Nine Years Ago…Around This Time (just before 9AM)…
I remember waking up in my apartment in Virginia because my phone would not stop ringing.
I remember eventually getting up and just missing the last phone call by one ring. Then listening to a friend’s voicemail about how the country was at war and would her husband be drafted.
I remember turning on the television, shrugging my shoulders at my friend’s incoherency.
I remember seeing the Twin Towers on fire. Then flipping the channel. Each channel showed the same image.
I remember wondering if my TV was broken. Then I saw a plane flying toward the South Tower.
I remember blinking. Why is a plane flying so close to the buildings? Why isn’t it changing course? Aren’t there people on the plane? Maybe my eyes were broken. I kept blinking.
I remember seeing the plane fly into building one. I flipped the channels too fast to see anything clearly. The images blurred together and all I saw was a world on fire.
I don’t remember much after that.
I think I called my friend. I think I left messages on my family’s answering machines back home in New York. I think I even tried to get ready for school, only to be sent home.
The bus driver had a news program playing on the radio. Evidently, the Pentagon also had a plane fly into it, too.
Months go by…
I remember in the months that followed, moviemakers were scrambling to cut out any footage of the Twin Towers or any reference to bombs or explosions. I thought they were being silly. Americans were tougher than that.
Then, I watched an action movie on TV, and sobbed at the opening pan shot of the New York City skyline.
I remember the prof of my Advanced Composition class asked if anyone knew the shortest verse in the Bible. I answered, “Jesus wept” then promptly cried.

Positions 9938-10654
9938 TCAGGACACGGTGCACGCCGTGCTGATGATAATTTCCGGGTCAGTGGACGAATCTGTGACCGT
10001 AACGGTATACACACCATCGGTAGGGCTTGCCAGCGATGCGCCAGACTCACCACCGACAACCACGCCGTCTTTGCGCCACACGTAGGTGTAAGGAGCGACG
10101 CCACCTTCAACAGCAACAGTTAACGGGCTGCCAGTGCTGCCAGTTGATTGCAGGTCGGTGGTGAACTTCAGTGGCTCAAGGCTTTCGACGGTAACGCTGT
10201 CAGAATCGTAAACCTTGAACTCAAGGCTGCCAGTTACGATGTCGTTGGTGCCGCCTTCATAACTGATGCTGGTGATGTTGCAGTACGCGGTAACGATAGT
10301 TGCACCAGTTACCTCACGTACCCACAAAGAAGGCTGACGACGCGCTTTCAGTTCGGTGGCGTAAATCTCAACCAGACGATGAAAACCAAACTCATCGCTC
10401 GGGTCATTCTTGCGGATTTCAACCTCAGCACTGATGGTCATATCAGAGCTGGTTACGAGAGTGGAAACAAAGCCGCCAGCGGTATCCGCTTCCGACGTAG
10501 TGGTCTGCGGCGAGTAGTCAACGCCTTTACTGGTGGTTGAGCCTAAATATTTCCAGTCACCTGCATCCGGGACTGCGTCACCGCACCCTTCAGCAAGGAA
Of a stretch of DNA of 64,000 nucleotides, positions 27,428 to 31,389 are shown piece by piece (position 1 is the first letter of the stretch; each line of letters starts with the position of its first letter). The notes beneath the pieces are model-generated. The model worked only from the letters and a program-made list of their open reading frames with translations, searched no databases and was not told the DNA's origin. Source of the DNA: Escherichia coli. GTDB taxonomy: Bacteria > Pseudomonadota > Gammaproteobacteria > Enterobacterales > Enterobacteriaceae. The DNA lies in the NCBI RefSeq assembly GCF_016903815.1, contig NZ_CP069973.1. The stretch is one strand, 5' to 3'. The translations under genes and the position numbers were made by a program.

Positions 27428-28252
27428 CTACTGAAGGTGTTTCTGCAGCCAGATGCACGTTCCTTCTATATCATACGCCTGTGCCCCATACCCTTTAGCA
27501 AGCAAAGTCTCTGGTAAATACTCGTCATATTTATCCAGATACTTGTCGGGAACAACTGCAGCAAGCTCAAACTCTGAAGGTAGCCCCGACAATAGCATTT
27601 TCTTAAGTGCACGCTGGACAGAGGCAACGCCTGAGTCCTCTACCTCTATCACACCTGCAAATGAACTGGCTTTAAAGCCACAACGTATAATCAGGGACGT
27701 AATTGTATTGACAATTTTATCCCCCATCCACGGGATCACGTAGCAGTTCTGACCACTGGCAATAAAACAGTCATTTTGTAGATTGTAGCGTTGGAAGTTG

I remember walking Lower Manhattan with my cousin that winter. We didn’t talk much outside. I don’t know about her, but I couldn’t help thinking that I was inhaling building debris and dead bodies.
I remember the beautiful stories told on the one-year anniversary. The heart broken children who will never know their mother or father. The husband who lost his wife. The wife proud of her husband’s bravery.
Then the years go by…
I remember hearing coworkers wonder why 9/11 was such a big deal.
I remember seeing shrugs and eye rolls.
“Never Forget,” indeed.
More like “We Will Remember”…when it’s convenient for us.
I remember being in a crowd of indifference while I still can’t bear the thought of watching United 93 or World Trade Center.
I look forward to the day when the skyline is whole again. It should be any year now. Believe me, I will take as many pictures as possible, hoping to replace the burning buildings scorched into my mind’s eye.
I remember seeing Fringe last year. The show is a blur of X-Filesian episodes; great action and story, but nothing too outstanding (at least, nothing that hasn’t been done before in that genre.) Then, the finale episode of their first season showed the Twin Towers whole and beautiful, in a universe where they never fell.
I remember how I teared up just seeing the skyline like that in a present world, and not in years gone by. That show has forever won my loyalty.
I remember reading somewhere that the most effective affirmations for changing/sustaining mindset and behavior are written in the present tense, and focusing on what I want rather than what I want to avoid.
This is why I don’t say that I will never forget. I say that I remember.
What do you remember?